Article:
Resist the temptation to over-react by closing playgrounds down, without first evaluating the situation. Carry out a risk assessment to establish the degree of hazard created by the failure.

Low risk

Equipment installed or manufactured before January 1999 is likely to fail current Standards because the criteria have changed. Remember this does not mean the equipment has become unsafe. In most cases the associated hazards will be of low risk and will not require remedial action.

Medium risk

When a medium risk is identified, remedial action - such as monitoring the hazard area or making modifications - should be taken. Since potential consequences are unlikely to be life-threatening, this work can be carried out as and when resources permit.

High risk

A hazard that could potentially cause serious or fatal injury is, of course, in the high risk category. If such a risk is identified, take immediate action to prevent both use of the equipment and public access to the site, until the fault has been rectified.

What qualifications do you need to carry out playground inspections?

Routine inspections should be carried out by someone with a basic knowledge of playground equipment and with the ability to identify recognisable hazards. Maintenance inspections should be carried out by a person with a good working knowledge of the broad spectrum of playground equipment and how each item functions. Annual inspections should be conducted by an inspector who has a thorough knowledge of, and access to, the appropriate Safety Standards and some experience of the industry. The ability to recognise obvious existing and potential hazards and their possible consequences under certain circumstances is also necessary.

What qualifications are needed by those carrying out maintenance on a playground?

Where particular skills, such as welding, are required, personnel must, of course, have the appropriate qualifications and experience. Other than that, however, the requirement is simply for a ‘competent person’.

Do I carry out inspections solely for safety reasons?

No. Careful inspection and maintenance of equipment are not only essential for children’s safety, they are also an economic necessity. Taking care of faults which in themselves may seem small or trivial reduces the risk of more serious faults developing. These can be costly to remedy and could even result in the equipment being removed from service prematurely. Regular maintenance prolongs the life of your equipment.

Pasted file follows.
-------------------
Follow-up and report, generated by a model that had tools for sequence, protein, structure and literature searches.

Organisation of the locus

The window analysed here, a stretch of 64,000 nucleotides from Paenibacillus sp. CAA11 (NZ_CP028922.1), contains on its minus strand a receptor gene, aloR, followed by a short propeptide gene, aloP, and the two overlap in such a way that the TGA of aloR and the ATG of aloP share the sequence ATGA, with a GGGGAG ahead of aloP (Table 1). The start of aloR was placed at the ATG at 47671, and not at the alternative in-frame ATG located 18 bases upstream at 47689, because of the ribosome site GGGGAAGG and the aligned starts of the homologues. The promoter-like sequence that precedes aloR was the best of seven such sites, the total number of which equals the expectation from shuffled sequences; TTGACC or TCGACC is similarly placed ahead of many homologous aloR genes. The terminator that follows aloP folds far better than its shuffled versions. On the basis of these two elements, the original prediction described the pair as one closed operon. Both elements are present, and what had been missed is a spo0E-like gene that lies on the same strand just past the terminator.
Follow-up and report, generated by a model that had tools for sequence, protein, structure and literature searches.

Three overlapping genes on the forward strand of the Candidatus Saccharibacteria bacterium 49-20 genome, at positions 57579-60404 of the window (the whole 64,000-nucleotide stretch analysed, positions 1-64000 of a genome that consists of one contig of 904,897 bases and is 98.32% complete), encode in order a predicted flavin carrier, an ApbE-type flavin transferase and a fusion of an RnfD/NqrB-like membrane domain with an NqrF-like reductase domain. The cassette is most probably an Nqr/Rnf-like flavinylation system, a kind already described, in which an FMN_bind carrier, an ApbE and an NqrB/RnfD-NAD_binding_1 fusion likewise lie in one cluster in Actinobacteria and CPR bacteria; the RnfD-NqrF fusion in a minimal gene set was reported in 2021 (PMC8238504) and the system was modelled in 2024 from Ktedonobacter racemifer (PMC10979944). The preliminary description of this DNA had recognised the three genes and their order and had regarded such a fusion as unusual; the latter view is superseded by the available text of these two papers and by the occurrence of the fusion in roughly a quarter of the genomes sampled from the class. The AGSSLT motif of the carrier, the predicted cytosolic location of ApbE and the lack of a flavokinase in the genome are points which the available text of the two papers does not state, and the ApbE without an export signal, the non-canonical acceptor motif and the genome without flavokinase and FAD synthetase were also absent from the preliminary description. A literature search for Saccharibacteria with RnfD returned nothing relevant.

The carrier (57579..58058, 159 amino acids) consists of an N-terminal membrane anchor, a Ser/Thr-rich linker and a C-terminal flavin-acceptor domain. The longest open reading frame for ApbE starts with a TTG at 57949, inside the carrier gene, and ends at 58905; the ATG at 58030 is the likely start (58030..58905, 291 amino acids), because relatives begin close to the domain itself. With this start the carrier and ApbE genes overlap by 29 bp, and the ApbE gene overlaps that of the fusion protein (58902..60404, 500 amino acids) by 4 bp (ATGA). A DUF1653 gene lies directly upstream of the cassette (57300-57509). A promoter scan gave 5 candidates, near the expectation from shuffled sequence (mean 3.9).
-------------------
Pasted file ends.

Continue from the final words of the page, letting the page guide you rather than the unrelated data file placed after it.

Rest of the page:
How can I tell that equipment meets the required Standards?

We recommend you always ask the manufacturer to provide copies of the relevant certificates to prove that each item purchased conforms to the appropriate Standard. It is important to remember that once certified equipment and safety surfacing has been purchased, it has to be installed to BS EN 1176.  Also, unless it is properly maintained, in time it may cease to comply with the Safety Standards.

What does the Kitemark mean?

The design and testing of equipment that bears the Kitemark has been verified by an independent source as meeting or exceeding the requirements of the Standard.

 Is equipment that complies with the appropriate Standard perfectly safe to use?

Complete safety is impossible to guarantee as accidents will happen. If equipment is certified as complying with the appropriate Standard and is used as intended, however, the risk of injury is minimised.

How do I put together an inspection and maintenance programme?

You are in the best position to determine at what level and frequency your area needs to be inspected and maintenance carried out.

The following comments may assist you in formulating your plans.

If you do not wish to use the services of a third party for your annual inspection, we recommend that it be carried out by someone other than the person who does the routine and quarterly/half yearly inspections. This must not be regarded as a reflection upon the routine inspector’s abilities; it is just that a fresh pair of eyes can often spot problems or hazards that may have been missed.

Make a list of the equipment on each site, along with notes about aspects of wear and tear that may be caused by use, climate variation and other influences such as salt spray or industrial pollution. When putting together a timetable for remedial maintenance work, think carefully about the feasibility of your timing as far as the seasons are concerned. For example, equipment should be painted in dry weather, which would indicate that this is ideally a summer job!